The little things

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Sometimes it’s the little things that make something special. A smile, just at the right moment, or perhaps a helping hand when one wasn’t expected.

When I think about what makes a piece of audio equipment special it’s often the little unnoticed touches that, together, make a product worth owning. Take for example the powder coat we use on our products. It might not seem like anything special but that’s because it’s one of those little things.

Years ago we anodized all our product’s metal surfaces because, well, that’s just what you did. But anodizing, an electrolytic process that adds a protective thin layer of oxidation to aluminum’s surface, can be problematic when colors are involved. Aluminum’s natural color is silver. Just look at a sheet of aluminum foil. To make aluminum another color, like black, the aluminum is dipped into a big tank of dye, then that thin coat of oxide is electroplated over the dye to protect it. Which is great if every little thing is perfect like the shade of black (which is rarely consistent). Even the “silver” or soft “white” anodizing is problematic too. Consistency is the problem.

Getting consistent color matches between batches was a nightmare. Customers might buy a power amp from us one year, and a preamp or another amp the next only to discover the colors don’t match when placed side-by-side. It was a problem that vexed us for years. And then I saw a company that had solved the anodizing problem. Mark Levinson (the company not the man). Remember the classic ML 33 amplifier? I loved that design and always marveled at the consistency of the front panel with its lovely shade of soft white (usually achieved through an anodizing process called clear coupled with a precise bead blasting technique on the raw aluminum). Unit after unit were perfect matches. I was jealous.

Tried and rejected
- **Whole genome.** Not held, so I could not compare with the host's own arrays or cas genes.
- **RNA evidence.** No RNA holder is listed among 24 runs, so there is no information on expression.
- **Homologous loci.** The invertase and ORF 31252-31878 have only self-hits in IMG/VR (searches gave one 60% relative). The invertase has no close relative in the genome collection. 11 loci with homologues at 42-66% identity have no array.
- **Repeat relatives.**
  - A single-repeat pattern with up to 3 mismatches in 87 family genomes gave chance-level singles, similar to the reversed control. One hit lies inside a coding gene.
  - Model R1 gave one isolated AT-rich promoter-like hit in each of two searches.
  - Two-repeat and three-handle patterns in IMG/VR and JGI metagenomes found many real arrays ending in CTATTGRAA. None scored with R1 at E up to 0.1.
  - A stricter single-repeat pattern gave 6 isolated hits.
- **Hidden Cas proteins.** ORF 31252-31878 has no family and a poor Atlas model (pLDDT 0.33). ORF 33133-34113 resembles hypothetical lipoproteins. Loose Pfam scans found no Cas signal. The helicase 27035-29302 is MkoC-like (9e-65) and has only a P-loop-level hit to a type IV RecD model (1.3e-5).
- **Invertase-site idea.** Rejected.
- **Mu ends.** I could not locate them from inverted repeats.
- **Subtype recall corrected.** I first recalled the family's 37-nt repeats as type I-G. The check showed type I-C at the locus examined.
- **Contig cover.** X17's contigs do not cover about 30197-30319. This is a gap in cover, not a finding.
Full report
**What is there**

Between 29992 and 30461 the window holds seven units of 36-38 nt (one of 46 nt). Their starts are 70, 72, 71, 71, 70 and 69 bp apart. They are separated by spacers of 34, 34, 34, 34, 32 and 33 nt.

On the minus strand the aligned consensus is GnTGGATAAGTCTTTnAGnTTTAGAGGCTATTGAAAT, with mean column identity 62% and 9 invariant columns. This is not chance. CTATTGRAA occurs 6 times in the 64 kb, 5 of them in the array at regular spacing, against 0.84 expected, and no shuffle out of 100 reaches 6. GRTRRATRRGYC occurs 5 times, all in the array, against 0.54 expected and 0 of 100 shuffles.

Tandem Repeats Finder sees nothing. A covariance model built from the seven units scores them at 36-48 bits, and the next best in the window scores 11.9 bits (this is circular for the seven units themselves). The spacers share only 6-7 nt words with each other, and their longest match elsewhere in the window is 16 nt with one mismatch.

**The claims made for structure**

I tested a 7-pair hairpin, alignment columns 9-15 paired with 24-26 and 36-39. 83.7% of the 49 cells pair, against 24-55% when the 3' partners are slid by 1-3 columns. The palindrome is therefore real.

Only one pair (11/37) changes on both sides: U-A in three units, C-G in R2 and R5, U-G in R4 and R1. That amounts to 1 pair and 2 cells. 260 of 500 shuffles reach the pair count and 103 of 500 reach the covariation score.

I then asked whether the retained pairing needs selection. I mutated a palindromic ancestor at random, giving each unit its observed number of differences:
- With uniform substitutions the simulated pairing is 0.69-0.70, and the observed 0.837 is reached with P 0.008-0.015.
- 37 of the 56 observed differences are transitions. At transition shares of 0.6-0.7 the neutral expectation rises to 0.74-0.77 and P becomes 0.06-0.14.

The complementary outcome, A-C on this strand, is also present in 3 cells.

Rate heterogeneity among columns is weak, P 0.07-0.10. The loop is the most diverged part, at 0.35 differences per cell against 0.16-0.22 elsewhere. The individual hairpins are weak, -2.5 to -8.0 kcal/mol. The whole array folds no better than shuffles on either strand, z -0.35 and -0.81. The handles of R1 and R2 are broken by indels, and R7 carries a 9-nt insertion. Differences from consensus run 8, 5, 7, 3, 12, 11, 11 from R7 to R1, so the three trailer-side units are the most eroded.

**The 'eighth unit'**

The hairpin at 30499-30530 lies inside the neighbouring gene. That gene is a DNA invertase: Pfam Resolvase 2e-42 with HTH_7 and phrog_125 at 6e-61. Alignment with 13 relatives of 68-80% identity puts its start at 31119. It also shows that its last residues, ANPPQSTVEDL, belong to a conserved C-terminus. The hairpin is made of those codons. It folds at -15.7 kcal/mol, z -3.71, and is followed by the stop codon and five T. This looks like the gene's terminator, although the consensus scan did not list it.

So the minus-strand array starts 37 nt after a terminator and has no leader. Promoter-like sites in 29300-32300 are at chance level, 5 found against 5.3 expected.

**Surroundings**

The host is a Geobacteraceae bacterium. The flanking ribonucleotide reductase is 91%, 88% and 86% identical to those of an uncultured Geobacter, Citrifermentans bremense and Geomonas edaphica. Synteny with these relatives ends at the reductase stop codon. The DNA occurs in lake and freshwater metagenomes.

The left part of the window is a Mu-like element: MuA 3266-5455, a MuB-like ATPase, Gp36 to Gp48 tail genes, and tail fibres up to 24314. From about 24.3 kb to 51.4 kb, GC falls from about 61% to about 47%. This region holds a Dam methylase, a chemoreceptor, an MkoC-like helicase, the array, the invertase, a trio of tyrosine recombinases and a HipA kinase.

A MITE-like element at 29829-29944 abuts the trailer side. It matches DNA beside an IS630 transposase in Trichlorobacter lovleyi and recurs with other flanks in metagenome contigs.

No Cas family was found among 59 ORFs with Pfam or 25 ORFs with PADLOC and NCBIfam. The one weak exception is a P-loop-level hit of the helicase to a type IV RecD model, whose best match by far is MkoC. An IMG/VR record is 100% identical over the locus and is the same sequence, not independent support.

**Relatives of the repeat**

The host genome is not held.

At a chance meeting with the designer, David Barson, I asked him to tell me their secret to consistent color matching. Especially that lovely soft silver used on the 33’s front panel. “Hah! It’s not anodized,” said David. “It’s painted. Consistency is perfect.”

With that kindly offered info in hand we set out to get the same consistency ourselves, only there was a problem. Fingerprinting on the black surfaces. Touch the paint (or anodized) surface and the oils in your fingers left their telltale mark. How did we solve it?

Stay tuned for tomorrow’s answer.